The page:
Community Engagement Coordinator: Ashley Frenkel
Ashley Frenkel is the Community Engagement Coordinator at Freshkills Park. An educator by training, she’s taught in all five boroughs including her birthplace of Brooklyn and her hometown of Staten Island. Ashley has a passion for interdisciplinary and collective learning and believes that at the intersection of art, science, history, and math we can learn to take new perspectives and honor the creativity, self-expression, and experiences of ourselves and others. Ashley is currently working towards her MSEd in Leadership in Museum Education at Bank Street. When she’s not busy with school or work, she loves trying new things in the kitchen, reading a good science fiction novel, or working on embroidery and watercolor painting.
What are you working on, and why do you think it’s interesting/important?
As the Community Engagement Coordinator my role is directly tied to equity, access, and advocacy. I’m looking forward to working with Staten Island communities, not just those geographically close or demographically widely represented, to make sure people of all races, genders, classes, and backgrounds have an active role and feel ownership in the process of transformation happening at Freshkills Park. I’m really excited to learn from the communities that live on all the shores and create programs with various community organizations, elected officials, schools, housing developments, and other groups to meet the needs of Staten Islanders and grow community grounded in artistic creativity, scientific exploration, and environmental justice. Staten Island can feel like a very divided place at times with a severe lack of resources compared to other boroughs, but I think it’s important for Staten Islanders to have a space to learn from one another and shift the popular narrative to create something positive for ourselves and our neighbors whether down the block or across the island.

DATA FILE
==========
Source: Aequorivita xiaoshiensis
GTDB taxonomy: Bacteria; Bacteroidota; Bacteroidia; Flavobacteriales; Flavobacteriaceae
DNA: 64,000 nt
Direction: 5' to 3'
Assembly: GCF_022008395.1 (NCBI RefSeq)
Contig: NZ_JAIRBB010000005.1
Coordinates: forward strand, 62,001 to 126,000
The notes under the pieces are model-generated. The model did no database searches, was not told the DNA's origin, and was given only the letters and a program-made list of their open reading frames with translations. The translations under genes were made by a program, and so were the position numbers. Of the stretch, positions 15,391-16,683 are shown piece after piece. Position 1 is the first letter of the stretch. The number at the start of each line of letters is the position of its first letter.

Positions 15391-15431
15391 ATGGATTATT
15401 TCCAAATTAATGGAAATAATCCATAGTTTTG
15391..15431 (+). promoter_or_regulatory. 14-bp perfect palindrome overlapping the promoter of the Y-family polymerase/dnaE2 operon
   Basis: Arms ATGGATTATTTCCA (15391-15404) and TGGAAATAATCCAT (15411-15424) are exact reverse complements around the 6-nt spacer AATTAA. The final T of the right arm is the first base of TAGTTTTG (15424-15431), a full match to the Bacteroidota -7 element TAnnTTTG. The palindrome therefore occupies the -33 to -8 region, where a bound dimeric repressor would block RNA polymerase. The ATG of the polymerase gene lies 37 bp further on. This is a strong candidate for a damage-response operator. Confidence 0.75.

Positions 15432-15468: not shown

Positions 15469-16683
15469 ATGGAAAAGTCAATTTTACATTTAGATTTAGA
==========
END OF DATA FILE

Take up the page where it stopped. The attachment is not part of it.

What drew you to Freshkills Park?
Freshkills Park’s transformation from landfill to park as a public resource is a fitting metaphor for the whole borough of Staten Island. This island has such rich culture and nature already, and a lot of potential, but so many people don’t know much about it or have a lot of misconceptions about it. Freshkills Park stands out to me as someone who grew up on Staten Island because it’s a place that is actively changing and adapting. I also love the integration of art, science, wellness, recreation, education and so much more all in one place. It speaks to how I experience the world and it’s just the sort of intersectional approach that I’ve found to be essential in my work at other cultural institutions when supporting inquiry and dialogue.
What is your favorite topic surrounding Freshkills Park and why?
Aside from all the wonderful animals at Freshkills Park (did you know foxes have dens in the park?!), my favorite thing about the Park is all the collaboration it has taken and is currently taking to create and activate the vast space. From partnership with the local community in public review sessions, to the DEC and DSNY who make sure Freshkills Park is safe for people and animals, to the past and current work with artists who explore movement and scientists who investigate bird migration, this extended network is a major part of what makes Freshkills Park so special. In different ways Freshkills Park models how cultural institutions of any size or discipline can be in conversation with the public and engage in work rooted in public need and benefit.
What is your favorite color?
If we’re talking about crayons I love scarlet or tropical rain forest or periwinkle. In my day-to-day, I’d have to say purples and teals; they’re such rich colors that bring out the best of the colors that go into making them.